However, under our experimental condition, we did not observe such changes in other frequency band powers (i.e., theta, beta, gamma) and frontal alpha asymmetry (FAA). According to a previous study, menopausal syndrome patients with depression showed significantly different EEG mapping with healthy women [9]. The patients characterized by decreased total power and attenuated alpha power. Furthermore, they showed the lower FAA in menopausal syndrome patients with depression than healthy women. Depressed patients showed lower alpha power in the right than the left frontal lobe. We also expected that total power and FAA are decreased in women with severe menopausal symptoms, however, there was no significant difference. The reason for the different results is probably we recruited participants who had no diagnosis of neurological disorders and used NAPS for the stimuli for our experimental design. The FAA pattern reported that decreased only at CES-D greater than 16 [52], which is a cut-off for depression diagnosis [53] (depression is diagnosed at CES-D score >16). Since we recruited healthy mid-life women (not depressed patients), the FAA pattern seems different. In addition, a previous study measured EEG during lying relaxed with closed eyes. In our study, to set up an event-related and controlled brain state among participants, we presented negative affective pictures during EEG recording. This set up allowed us to find psychological symptom-specific modulation of alpha power and β/α ratio in the response of stressful situations in the mid-life women.

Our novel finding is fragrances reduced the difference of brain response to stressful stimuli between participants with severe and light psychological symptoms. Participants answered that most of the presented fragrances have relaxed effects after stressful stimuli (Fig. 3). However, fragrance preference survey ratings were not reflected in EEG signals (Fig. 6). Instead of a hedonic evaluation of fragrance, alpha power, and β/α ratio were changed by each presented fragrance depending on the severity of anxiety or depressive symptoms (Fig. 4). In no-odor condition, participants with severe psychological symptoms seemed to have lower stress coping ability in the brain than participants with light psychological symptoms (Fig. 2, Table 1). The reason why we interpret this result is that their linear regression line showed a larger alpha and β/α ratio difference from the baseline than participants with light psychological symptoms. To alleviate the psychological menopausal symptoms, stress coping ability is important because menopausal symptoms could be severe, depending on the stressful situation coping skills [54]. For the stress coping and emotion regulation in the brain, oxytocin receptor-mediated actions were reported [55-57]. And estrogen is the key factor for the oxytocin receptor binding [58]. During perimenopause, estradiol fluctuation occurs frequently, and it is reported that enhancing the emotional sensitivity to stress [59]. For further study, it would be interesting to reveal whether inhalation of fragrance has the role of oxytocin receptor binding in the perimenopausal women.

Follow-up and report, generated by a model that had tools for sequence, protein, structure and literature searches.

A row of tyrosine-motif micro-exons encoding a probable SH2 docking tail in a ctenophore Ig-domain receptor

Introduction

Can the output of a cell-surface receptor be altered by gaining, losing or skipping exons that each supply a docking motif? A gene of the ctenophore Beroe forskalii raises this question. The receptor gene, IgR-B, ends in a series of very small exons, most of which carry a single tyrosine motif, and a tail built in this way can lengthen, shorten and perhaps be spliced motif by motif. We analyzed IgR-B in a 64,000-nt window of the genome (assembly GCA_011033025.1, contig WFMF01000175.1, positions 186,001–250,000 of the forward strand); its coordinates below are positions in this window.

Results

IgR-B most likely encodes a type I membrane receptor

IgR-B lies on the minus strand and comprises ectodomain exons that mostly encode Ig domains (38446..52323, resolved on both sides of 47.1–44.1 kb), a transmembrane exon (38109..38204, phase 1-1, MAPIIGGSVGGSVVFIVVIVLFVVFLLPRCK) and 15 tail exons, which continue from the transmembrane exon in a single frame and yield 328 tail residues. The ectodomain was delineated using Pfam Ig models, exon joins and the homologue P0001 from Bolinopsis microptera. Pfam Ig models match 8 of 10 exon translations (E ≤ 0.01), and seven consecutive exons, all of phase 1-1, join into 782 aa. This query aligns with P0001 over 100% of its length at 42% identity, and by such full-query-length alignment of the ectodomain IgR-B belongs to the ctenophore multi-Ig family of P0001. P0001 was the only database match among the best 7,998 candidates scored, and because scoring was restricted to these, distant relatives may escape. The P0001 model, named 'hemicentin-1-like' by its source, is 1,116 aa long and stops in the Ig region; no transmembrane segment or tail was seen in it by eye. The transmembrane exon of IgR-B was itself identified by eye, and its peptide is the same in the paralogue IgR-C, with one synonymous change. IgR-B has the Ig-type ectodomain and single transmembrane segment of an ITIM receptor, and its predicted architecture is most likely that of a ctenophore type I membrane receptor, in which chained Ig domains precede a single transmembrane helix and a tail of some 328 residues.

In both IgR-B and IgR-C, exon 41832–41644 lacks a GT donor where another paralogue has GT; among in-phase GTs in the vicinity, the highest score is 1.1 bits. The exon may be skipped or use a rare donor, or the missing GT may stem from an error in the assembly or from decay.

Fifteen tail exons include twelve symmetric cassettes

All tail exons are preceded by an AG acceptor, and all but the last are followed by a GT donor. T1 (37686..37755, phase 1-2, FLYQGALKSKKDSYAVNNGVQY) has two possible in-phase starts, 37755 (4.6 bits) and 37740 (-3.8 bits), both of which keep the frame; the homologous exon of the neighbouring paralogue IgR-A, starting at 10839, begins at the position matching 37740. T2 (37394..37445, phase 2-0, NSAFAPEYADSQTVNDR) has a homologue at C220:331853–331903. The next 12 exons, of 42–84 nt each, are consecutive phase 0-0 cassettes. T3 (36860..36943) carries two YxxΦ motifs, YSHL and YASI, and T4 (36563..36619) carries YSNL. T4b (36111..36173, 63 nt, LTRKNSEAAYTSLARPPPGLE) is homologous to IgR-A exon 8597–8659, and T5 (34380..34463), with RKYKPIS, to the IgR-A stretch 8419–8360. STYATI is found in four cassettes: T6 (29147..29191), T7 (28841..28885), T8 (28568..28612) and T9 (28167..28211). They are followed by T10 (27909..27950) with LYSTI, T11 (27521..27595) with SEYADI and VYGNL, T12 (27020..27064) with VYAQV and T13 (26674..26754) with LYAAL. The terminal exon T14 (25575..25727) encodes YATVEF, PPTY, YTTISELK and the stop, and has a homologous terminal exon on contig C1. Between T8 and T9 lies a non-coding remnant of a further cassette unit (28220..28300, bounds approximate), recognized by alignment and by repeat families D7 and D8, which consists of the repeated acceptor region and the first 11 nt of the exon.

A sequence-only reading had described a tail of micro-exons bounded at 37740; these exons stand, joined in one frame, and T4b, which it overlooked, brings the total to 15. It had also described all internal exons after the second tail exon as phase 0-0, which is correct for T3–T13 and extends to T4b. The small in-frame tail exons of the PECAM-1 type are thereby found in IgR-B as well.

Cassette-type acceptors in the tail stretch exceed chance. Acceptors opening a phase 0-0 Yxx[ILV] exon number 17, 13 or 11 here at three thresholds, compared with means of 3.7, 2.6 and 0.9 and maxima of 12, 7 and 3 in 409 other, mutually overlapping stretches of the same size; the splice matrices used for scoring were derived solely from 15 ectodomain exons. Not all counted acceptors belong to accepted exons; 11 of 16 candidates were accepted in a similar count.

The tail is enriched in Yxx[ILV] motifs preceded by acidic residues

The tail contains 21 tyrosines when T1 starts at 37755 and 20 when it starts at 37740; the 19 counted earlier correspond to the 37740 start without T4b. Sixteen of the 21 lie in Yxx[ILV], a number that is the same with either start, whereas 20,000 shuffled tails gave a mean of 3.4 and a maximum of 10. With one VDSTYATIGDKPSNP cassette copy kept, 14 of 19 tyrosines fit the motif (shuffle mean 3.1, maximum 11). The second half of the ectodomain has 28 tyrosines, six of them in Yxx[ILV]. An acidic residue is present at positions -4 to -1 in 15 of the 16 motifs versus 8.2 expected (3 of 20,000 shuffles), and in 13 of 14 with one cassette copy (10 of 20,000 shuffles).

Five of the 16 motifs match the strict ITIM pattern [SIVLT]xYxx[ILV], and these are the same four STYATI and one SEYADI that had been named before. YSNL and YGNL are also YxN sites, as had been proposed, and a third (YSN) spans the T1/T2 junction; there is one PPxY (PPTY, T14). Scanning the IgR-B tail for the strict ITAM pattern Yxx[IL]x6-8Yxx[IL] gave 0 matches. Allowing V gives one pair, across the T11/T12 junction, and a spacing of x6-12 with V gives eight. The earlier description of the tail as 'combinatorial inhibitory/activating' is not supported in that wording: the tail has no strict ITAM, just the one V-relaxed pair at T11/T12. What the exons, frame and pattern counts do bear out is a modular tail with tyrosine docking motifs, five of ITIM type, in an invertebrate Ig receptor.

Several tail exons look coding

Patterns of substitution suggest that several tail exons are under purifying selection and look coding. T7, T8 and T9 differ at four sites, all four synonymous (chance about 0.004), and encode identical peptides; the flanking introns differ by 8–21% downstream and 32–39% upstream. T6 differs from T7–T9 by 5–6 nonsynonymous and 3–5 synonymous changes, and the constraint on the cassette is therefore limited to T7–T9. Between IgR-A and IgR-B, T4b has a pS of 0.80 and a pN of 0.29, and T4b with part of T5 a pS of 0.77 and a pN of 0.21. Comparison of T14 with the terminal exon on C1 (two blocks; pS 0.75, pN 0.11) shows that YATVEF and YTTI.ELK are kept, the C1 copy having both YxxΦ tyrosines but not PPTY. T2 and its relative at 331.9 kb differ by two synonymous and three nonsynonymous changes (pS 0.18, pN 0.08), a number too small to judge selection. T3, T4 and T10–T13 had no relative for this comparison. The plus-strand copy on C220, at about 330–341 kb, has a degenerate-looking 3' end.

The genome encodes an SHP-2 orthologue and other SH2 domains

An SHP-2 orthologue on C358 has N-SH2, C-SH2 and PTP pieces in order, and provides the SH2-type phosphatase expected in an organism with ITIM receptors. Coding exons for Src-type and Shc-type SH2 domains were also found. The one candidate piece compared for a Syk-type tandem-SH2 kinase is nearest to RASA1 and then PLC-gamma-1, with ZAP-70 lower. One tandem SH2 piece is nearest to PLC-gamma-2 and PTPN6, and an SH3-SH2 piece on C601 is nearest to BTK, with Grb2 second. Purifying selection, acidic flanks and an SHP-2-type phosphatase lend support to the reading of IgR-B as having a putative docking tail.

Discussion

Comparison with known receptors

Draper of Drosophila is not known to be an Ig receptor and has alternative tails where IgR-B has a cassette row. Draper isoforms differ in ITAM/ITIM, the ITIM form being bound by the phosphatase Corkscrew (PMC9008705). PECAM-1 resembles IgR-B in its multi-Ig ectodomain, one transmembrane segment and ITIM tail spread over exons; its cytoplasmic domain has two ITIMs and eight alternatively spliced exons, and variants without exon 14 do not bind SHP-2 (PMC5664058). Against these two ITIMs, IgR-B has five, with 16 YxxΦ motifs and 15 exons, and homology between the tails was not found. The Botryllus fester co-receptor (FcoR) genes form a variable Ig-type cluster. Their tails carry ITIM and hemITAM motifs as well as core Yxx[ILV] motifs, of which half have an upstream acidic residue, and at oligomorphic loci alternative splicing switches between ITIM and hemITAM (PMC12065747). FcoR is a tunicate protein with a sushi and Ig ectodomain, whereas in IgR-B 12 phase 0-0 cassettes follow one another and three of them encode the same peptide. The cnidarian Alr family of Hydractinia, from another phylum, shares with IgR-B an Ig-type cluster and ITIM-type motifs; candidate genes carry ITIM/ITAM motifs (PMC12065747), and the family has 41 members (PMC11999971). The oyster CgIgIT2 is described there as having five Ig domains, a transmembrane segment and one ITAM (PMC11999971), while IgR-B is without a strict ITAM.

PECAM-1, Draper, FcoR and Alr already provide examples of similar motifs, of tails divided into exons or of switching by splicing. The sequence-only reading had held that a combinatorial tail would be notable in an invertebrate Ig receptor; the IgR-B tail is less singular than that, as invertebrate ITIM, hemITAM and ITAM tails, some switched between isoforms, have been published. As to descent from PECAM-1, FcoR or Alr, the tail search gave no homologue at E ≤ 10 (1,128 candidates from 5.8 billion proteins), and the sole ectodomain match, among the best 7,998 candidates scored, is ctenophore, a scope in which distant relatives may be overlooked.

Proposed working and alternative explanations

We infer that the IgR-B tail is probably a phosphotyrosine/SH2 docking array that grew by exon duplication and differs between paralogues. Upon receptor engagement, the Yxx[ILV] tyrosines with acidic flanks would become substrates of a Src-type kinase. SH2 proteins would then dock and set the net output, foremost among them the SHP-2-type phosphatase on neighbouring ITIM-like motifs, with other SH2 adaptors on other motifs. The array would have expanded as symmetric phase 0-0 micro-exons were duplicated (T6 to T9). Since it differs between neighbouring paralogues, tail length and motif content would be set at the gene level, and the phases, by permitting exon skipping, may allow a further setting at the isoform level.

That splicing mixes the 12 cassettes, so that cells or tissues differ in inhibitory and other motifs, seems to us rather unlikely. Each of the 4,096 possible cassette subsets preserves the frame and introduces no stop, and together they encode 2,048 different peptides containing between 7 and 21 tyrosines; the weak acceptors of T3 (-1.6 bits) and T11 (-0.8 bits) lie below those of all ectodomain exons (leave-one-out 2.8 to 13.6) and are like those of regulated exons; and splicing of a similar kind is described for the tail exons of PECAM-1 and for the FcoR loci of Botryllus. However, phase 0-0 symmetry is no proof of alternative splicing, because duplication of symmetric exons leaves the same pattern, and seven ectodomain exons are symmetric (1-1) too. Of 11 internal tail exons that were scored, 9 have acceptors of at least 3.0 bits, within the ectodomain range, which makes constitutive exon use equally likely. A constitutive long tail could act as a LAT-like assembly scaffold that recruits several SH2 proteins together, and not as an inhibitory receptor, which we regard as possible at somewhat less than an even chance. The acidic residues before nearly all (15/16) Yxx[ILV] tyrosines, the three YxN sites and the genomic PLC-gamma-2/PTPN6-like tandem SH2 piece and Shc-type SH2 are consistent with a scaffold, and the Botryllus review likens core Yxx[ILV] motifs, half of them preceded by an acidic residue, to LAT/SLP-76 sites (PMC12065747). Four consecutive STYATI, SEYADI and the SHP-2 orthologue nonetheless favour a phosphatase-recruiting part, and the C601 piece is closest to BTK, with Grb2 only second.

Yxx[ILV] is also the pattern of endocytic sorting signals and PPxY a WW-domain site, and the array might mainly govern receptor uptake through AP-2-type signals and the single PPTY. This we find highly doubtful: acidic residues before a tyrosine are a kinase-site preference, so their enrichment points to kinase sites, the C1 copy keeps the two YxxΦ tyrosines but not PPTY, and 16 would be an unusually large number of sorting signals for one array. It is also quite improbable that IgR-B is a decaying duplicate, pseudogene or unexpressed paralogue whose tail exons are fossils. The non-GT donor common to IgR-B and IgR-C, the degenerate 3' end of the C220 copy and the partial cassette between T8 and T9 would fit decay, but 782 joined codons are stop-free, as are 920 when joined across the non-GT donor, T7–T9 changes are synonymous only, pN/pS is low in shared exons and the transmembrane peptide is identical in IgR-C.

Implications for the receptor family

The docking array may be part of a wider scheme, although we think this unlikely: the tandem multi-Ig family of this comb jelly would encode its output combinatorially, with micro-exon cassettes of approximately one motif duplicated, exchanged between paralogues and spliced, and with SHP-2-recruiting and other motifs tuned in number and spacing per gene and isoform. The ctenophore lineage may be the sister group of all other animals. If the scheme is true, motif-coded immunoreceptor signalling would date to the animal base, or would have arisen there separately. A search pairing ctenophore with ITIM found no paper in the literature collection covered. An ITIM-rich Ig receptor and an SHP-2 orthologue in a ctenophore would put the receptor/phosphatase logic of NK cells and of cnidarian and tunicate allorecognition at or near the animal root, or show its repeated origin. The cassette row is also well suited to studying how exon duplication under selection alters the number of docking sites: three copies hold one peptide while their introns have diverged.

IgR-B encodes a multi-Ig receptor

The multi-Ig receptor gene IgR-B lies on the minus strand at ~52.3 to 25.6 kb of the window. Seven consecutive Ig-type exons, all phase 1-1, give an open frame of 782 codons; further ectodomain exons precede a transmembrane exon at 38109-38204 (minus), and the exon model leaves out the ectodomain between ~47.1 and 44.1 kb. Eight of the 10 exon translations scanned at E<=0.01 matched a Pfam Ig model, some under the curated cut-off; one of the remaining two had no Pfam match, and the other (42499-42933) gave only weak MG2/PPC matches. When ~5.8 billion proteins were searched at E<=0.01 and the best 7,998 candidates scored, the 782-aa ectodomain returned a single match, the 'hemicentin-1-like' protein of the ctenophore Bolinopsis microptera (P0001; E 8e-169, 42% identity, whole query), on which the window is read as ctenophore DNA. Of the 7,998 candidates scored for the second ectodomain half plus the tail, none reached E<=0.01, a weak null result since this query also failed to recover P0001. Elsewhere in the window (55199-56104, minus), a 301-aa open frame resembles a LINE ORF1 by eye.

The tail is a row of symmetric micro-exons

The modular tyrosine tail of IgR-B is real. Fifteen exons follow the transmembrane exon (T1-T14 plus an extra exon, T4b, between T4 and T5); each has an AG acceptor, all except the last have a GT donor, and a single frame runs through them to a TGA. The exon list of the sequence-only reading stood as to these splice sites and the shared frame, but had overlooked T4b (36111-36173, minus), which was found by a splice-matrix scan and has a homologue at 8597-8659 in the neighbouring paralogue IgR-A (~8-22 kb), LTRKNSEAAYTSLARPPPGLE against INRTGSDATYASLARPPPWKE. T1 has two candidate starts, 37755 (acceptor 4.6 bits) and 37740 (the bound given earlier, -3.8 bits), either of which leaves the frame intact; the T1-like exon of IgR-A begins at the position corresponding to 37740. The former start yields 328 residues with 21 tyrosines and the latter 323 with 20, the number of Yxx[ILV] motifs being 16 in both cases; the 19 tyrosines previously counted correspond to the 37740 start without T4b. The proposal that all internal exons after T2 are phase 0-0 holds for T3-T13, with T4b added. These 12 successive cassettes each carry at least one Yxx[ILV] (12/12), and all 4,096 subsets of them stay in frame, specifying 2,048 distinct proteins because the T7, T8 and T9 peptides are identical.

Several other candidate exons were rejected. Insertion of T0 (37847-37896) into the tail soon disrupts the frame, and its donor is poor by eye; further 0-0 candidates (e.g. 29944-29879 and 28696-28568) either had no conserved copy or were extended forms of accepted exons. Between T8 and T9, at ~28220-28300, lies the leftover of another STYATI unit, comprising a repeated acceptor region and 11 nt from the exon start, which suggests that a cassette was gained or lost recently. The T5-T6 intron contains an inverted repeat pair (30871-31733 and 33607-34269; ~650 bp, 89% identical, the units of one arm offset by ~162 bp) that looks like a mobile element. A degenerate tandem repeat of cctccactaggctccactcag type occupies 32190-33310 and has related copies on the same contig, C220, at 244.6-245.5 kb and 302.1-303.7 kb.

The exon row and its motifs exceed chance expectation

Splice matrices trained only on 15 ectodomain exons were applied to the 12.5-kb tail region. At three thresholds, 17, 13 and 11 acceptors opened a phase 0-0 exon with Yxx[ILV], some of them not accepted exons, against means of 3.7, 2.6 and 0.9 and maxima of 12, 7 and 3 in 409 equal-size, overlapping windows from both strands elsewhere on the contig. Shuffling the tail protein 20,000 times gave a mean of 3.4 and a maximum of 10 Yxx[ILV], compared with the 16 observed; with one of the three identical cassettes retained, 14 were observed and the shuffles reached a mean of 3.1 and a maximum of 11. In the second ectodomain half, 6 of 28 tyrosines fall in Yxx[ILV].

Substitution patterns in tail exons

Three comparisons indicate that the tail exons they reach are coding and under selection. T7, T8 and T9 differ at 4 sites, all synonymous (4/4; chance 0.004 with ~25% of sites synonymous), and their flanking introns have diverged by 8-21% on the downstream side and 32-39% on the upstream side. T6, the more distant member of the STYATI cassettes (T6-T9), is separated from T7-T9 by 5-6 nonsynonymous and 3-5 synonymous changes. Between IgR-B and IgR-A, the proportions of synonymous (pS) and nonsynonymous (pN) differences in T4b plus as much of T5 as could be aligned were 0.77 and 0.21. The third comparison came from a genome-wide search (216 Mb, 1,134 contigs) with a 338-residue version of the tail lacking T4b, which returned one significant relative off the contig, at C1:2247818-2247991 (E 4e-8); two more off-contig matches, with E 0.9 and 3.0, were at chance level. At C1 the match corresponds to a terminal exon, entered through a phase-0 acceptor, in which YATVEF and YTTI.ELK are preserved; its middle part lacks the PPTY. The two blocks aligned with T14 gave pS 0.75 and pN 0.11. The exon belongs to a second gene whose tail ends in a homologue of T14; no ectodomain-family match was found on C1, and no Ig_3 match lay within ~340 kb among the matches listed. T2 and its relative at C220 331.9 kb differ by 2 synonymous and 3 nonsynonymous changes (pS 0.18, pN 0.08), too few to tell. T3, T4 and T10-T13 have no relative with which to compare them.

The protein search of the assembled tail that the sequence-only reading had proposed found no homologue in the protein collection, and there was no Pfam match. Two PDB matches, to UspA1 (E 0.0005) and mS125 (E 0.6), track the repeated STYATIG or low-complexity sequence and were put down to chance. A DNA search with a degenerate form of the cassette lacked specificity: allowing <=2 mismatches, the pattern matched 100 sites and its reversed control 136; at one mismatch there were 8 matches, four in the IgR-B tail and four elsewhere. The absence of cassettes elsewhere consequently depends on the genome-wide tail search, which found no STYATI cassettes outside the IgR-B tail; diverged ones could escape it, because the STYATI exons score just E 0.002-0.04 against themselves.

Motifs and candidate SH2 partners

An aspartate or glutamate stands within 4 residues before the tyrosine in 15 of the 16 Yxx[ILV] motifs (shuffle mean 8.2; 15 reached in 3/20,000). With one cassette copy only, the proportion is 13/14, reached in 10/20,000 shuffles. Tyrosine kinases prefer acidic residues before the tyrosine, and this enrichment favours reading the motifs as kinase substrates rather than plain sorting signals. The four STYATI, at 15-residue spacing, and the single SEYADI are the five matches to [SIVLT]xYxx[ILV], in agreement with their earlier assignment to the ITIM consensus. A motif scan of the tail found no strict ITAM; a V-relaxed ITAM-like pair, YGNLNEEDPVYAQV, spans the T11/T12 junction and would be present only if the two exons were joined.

We observed that lavender and O29 showed better efficacy in the process of returning brain signals similarly with baseline brain signals (Fig. 4, Fig. 5). Notably, we confirmed that lavender is an effective fragrance in case of anxiety symptoms in mid-life women using our method. Lavender has already been well characterized in terms of its anxiolytic, sedative, anti-depressive, and calming properties [34-36]. Moreover, the anxiolytic effect of lavender is reportedly accompanied by changes in the EEG pattern in humans [43]. Lavender itself might act as an efficient modulator of anxiety states in the mid-life women's brain compared to other fragrances. In the case of depressive symptoms, O29 had distinguished efficacy, and olibanum also showed modulating effects in our study. Previous studies had been reported components of olibanum, the Incensole acetate, showed reducing depressive symptoms. This component is known to reduce depressive-like behavior and is used in ceremonies to evoke the feeling of exaltation [44-46]. Our finding indicated that the chemical properties of fragrance seemed to reflect with the brain signal. Interestingly, the blended oils (O29, and P12) showed a more significant effect than olibanum, and palmarosa, probably due to the synergy effect of fragrances, and this needs to be verified in further study.

In this study, we revealed the fragrance–EEG index–menopausal symptom severity links. Our finding shows that EEG indexes, which are related to relaxing effects, are regulated by fragrance, and this fragrances effect varies depending on the severity of menopausal symptoms. Our approach may facilitate the development of a new repertoire of fragrances to establish a database of effective fragrances because our experimental scheme provides standard conditions to measure affective brain responses. Furthermore, using this database, it may be possible to recommend a series of fragrances depending on an individual’s menopausal symptoms by using simple measurements. It might also be possible to predict brain responses or menopausal symptom severity using our method. In addition, it could be used to confirm the mood regulation effects of other sensory systems (e.g. music, scenery) in mid-life women. To sum up this, fragrances could influence a woman’s response to a stressful situation in daily life, and the impact on her social and personal life. Thereby our study might help to understand how mid-life women respond to various stimuli and could be widely used for the well-being of the society and of mid-life crisis sufferers.